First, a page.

He was a strong advocate but also a very silent one until that time. He continued to make a great effort to impress upon his Government the urgency of the task before it and about which it had been making excuses for so many years, and these were his words to spur on the then Government to greater efforts:

Today I am advocating that something be done quickly and that 1978 be the date for the building of a second airport in Brisbane.

He was talking about a second airport and the Government was not even able to do anything about the one that was already there. The honourable member for Griffith went on to talk about the great efforts his colleague, the previous member for Lilley had made and said: . . the honourable member for Lilley (Mr Kevin Cairns), has quietly but positively worked towards the solution of the problem of the Brisbane airport.

The then honourable member for Lilley certainly must have worked very quietly towards it because we never heard very much from that gentleman except words of praise for his friends in the Democratic Labor Party. The honourable member for Griffith went on during his speech on the adjournment on 18 March 1971 to refer to a Press statement. It is probably as well that I explain to honourable members how he came to make this statement to which I am about to refer. The Press statement made mention of noise in the Ascot-Hamilton area. The honourable member for Griffith said:

I would hate it to be thought that reference has been made to the electorate of the honourable member for Lilley in this Press statement because he has worked harder than I and no mention has been made of my electorate because of my tardiness.

If the cap fits, wear it. The second speech that the honourable member for Griffith made and which I have just quoted was made on 1 8 March 1971. He had been a member of this House since the 1966 elections. That was the extent of his interest in Eagle Farm airport during the whole of the 6 years he spent sitting on the back benches in support of a government that did nothing until just before the last election. A Press statement referred to the report that was tabled in March 1972.

At that stage, the Government announced for about the fourth time that plans had been prepared and activity was to commence at Eagle Farm airport. Such was that activity that he was able to refer to it in the third speech that he made, on 12 September 1973, when he said that 5 years had almost passed and the new Government had done nothing towards the planning of Eagle Farm Airport.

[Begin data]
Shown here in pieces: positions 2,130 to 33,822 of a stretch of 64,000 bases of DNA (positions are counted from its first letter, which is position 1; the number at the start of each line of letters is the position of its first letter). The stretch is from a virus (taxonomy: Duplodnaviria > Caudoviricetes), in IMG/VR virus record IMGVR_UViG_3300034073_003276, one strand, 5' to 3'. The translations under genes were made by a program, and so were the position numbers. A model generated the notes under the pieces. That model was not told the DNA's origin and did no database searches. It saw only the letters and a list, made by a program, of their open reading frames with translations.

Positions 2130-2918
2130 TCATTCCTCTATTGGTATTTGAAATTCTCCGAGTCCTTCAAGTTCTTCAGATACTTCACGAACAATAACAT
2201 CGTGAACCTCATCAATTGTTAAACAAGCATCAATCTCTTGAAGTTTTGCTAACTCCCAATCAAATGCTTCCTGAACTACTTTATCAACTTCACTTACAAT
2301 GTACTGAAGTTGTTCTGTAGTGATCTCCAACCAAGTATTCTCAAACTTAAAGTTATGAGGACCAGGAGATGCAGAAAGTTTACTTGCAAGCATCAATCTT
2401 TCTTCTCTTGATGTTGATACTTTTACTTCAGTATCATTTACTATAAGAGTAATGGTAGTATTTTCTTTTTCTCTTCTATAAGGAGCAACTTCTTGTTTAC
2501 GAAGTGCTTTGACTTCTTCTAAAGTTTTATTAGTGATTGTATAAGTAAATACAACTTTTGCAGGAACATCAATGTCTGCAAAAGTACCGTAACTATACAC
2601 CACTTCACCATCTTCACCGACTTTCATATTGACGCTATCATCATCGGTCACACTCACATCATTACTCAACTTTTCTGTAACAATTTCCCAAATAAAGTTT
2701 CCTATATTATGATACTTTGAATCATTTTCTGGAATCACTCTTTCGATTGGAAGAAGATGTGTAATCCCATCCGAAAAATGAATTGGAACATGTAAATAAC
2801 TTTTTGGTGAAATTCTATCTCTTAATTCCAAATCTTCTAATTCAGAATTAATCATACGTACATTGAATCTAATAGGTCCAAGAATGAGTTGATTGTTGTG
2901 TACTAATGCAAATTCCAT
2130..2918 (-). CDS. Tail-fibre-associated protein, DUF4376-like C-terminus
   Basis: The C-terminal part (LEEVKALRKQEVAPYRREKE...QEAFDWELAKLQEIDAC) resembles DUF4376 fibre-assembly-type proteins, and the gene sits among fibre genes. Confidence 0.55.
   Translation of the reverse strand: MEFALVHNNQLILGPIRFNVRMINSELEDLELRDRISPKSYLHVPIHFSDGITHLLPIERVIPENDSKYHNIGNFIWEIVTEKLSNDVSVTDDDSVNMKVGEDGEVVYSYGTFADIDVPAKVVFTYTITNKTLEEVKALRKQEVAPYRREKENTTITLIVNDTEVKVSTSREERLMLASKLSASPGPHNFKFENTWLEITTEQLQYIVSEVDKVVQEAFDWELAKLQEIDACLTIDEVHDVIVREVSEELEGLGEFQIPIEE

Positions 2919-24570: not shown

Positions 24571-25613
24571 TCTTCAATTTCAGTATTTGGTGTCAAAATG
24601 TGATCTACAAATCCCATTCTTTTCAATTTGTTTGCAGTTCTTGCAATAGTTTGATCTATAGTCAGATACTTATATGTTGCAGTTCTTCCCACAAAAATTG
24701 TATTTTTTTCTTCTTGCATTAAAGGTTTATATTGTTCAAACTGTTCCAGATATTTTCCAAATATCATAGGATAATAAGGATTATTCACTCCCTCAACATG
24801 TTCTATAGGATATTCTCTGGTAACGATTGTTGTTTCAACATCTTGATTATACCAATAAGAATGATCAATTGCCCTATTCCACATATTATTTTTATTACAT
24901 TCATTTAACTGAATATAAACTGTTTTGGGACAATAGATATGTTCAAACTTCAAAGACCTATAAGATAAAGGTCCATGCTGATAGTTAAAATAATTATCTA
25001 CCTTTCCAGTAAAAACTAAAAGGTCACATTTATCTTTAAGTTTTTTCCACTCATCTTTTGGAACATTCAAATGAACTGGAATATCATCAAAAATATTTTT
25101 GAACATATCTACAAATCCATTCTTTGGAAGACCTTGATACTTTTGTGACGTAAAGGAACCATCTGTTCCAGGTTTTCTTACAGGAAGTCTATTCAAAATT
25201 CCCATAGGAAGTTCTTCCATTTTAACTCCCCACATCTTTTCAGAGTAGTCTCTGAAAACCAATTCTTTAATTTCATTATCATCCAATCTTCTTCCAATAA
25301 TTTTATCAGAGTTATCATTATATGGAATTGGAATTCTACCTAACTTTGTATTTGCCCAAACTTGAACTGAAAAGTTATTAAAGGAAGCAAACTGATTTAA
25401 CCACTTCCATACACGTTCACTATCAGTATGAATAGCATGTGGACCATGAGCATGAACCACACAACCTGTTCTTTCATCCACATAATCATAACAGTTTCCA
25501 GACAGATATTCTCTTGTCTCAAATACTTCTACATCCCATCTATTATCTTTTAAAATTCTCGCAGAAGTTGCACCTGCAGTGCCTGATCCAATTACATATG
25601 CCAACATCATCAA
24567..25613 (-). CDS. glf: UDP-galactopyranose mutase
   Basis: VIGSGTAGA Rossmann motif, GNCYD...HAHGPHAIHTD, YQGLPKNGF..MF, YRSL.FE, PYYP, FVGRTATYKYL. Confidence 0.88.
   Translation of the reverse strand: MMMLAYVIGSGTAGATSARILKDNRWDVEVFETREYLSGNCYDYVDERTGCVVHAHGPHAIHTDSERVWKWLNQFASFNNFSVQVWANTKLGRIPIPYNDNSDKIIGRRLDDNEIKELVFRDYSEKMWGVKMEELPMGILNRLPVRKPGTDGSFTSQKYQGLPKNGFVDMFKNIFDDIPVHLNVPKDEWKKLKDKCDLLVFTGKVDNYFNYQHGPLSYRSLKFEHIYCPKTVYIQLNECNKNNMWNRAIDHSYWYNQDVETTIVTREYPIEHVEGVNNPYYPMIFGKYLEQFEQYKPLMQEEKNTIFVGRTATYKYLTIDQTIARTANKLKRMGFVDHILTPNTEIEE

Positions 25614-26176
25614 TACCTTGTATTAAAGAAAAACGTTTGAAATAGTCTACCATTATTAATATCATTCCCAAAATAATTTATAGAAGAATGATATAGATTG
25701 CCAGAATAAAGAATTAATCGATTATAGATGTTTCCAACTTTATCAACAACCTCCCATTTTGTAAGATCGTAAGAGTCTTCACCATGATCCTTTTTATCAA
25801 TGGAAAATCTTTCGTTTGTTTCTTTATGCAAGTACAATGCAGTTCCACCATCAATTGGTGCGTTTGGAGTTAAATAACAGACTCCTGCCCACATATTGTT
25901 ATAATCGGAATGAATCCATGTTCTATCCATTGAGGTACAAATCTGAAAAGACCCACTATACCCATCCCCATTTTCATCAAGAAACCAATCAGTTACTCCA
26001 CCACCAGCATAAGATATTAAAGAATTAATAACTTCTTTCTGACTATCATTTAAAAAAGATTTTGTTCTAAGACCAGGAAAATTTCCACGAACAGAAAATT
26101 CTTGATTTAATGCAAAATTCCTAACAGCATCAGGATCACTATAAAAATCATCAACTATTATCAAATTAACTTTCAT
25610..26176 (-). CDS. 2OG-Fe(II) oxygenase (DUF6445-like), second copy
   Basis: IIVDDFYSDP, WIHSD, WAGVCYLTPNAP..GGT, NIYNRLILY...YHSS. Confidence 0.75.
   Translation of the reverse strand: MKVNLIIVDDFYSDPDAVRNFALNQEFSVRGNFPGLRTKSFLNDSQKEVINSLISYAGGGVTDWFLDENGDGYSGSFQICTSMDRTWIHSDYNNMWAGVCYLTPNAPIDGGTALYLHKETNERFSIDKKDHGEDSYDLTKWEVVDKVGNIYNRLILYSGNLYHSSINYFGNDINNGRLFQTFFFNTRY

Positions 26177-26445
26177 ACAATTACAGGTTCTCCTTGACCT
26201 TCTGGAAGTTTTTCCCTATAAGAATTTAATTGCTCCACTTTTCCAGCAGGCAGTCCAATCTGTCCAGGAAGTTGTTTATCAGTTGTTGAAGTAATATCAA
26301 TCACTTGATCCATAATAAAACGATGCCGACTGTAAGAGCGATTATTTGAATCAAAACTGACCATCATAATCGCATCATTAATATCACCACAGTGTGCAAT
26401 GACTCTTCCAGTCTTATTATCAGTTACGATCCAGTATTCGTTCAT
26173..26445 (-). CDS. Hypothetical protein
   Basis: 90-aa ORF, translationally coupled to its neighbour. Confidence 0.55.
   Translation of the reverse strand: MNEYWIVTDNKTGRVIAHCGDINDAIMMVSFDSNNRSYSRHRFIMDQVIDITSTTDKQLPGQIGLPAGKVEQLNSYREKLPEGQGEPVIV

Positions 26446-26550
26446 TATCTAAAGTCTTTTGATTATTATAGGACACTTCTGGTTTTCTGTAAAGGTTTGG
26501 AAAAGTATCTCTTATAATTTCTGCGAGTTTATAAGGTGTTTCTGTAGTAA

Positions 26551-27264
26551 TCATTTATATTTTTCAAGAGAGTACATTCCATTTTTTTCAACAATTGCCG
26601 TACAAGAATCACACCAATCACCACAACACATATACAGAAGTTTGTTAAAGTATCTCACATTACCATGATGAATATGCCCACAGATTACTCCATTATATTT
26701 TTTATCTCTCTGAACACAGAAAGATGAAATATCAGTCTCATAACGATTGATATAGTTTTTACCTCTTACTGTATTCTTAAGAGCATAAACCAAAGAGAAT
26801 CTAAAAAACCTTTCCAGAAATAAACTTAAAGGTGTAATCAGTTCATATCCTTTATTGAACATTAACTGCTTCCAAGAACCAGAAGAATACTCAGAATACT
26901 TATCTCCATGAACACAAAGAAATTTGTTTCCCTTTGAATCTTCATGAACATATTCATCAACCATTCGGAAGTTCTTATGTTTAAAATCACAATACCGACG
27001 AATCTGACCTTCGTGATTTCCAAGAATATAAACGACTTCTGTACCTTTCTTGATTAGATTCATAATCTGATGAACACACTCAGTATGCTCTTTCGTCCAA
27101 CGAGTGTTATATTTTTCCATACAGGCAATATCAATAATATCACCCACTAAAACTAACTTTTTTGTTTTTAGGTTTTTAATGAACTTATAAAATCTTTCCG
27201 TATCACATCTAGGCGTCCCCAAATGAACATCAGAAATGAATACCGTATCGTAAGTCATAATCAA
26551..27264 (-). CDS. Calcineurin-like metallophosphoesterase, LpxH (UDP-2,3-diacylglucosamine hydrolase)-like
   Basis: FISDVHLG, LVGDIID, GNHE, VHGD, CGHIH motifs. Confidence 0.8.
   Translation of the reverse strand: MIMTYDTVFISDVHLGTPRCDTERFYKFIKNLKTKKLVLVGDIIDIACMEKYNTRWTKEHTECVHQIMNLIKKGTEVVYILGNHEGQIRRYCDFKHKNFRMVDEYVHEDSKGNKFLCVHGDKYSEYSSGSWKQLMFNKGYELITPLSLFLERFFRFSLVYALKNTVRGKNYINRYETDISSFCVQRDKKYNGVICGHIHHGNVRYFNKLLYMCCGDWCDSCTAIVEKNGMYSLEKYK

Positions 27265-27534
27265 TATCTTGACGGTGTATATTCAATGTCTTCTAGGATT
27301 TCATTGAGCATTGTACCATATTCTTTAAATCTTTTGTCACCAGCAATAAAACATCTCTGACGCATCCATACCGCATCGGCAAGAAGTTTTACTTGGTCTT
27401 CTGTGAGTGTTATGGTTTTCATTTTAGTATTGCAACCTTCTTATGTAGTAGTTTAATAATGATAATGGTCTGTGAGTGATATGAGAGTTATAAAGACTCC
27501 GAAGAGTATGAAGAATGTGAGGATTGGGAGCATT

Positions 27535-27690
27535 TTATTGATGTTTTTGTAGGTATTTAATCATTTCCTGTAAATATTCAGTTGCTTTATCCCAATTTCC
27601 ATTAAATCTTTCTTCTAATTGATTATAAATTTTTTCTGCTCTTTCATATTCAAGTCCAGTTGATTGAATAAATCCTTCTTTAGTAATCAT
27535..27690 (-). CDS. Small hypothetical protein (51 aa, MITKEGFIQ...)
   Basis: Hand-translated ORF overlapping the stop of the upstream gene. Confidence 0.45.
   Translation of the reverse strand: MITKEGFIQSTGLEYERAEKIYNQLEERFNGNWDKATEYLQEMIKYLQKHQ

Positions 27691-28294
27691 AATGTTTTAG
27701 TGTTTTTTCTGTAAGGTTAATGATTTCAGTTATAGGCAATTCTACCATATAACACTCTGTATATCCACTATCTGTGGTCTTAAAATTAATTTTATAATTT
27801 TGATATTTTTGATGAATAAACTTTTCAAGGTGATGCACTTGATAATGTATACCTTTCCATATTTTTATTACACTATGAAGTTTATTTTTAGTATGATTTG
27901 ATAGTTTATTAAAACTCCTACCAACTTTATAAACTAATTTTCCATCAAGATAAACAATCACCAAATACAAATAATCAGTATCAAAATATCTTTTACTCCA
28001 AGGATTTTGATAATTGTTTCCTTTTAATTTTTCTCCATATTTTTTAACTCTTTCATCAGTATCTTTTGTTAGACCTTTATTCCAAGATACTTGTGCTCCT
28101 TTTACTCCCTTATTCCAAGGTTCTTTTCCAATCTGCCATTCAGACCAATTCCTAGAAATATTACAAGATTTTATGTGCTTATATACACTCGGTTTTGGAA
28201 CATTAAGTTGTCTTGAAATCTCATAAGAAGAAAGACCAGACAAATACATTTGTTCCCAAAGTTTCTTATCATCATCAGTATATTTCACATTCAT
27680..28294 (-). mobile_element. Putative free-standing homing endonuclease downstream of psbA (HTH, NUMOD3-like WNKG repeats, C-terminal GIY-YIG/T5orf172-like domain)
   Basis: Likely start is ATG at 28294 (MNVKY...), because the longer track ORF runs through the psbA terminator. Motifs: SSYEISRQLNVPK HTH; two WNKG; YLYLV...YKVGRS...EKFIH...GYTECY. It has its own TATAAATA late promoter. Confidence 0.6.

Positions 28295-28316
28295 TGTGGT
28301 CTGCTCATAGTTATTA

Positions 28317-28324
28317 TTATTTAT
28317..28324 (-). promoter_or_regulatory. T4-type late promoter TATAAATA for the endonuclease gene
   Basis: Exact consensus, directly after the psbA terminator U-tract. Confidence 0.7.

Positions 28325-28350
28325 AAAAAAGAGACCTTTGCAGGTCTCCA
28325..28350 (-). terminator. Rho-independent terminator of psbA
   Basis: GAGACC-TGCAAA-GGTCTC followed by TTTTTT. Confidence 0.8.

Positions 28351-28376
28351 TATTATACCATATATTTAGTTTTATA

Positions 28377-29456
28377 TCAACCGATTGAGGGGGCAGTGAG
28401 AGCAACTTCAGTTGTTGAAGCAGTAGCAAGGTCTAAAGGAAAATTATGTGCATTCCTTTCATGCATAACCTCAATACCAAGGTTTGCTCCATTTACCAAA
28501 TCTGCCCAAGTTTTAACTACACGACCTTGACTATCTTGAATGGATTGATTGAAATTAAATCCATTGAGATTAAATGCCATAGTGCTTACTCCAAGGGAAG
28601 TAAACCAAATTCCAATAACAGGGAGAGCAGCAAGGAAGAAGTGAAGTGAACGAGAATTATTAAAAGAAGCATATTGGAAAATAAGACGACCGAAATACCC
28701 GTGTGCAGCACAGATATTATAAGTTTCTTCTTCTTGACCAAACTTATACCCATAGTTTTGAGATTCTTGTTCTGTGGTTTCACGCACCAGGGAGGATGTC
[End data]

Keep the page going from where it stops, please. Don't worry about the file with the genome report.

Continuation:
Mr Donald Cameron (GRIFFITH, QUEENSLAND) - I was referring to Sir Donald Anderson's statement in Melbourne at the Rotary Club. Be specific and honest.

Mr KEOGH - I accept that. It was not intentional that I should have misquoted the honourable member. I am quoting from his speech. I accept, as the honourable member says, that he was referring to a speech made by Sir Donald Anderson. But in that speech he referred to the inactivity of the present Government and certainly made no reference to the inactivity of the previous Government. But of course he woke up to himself in the last speech that he made prior to yesterday evening, on 13 September. He said: 1 repeat my comments last night when I referred to the Coombs report which clearly outlined that the previous Liberal-Country Party Government had intentions ... of continuing, moving along the road of speeding up the building of the Brisbane airport.

That was the Government that he was proud, pleased or prepared to sit behind and support in the. efforts it made, and those efforts it made, and those efforts amounted to nothing over the years it was in office as far as the Brisbane airport was concerned. In a few moments my colleague, the honourable member for Lilley, will be able to outline very clearly the activity of this Government in the short time that it has had the responsibility for the rebuilding of Eagle Farm Airport.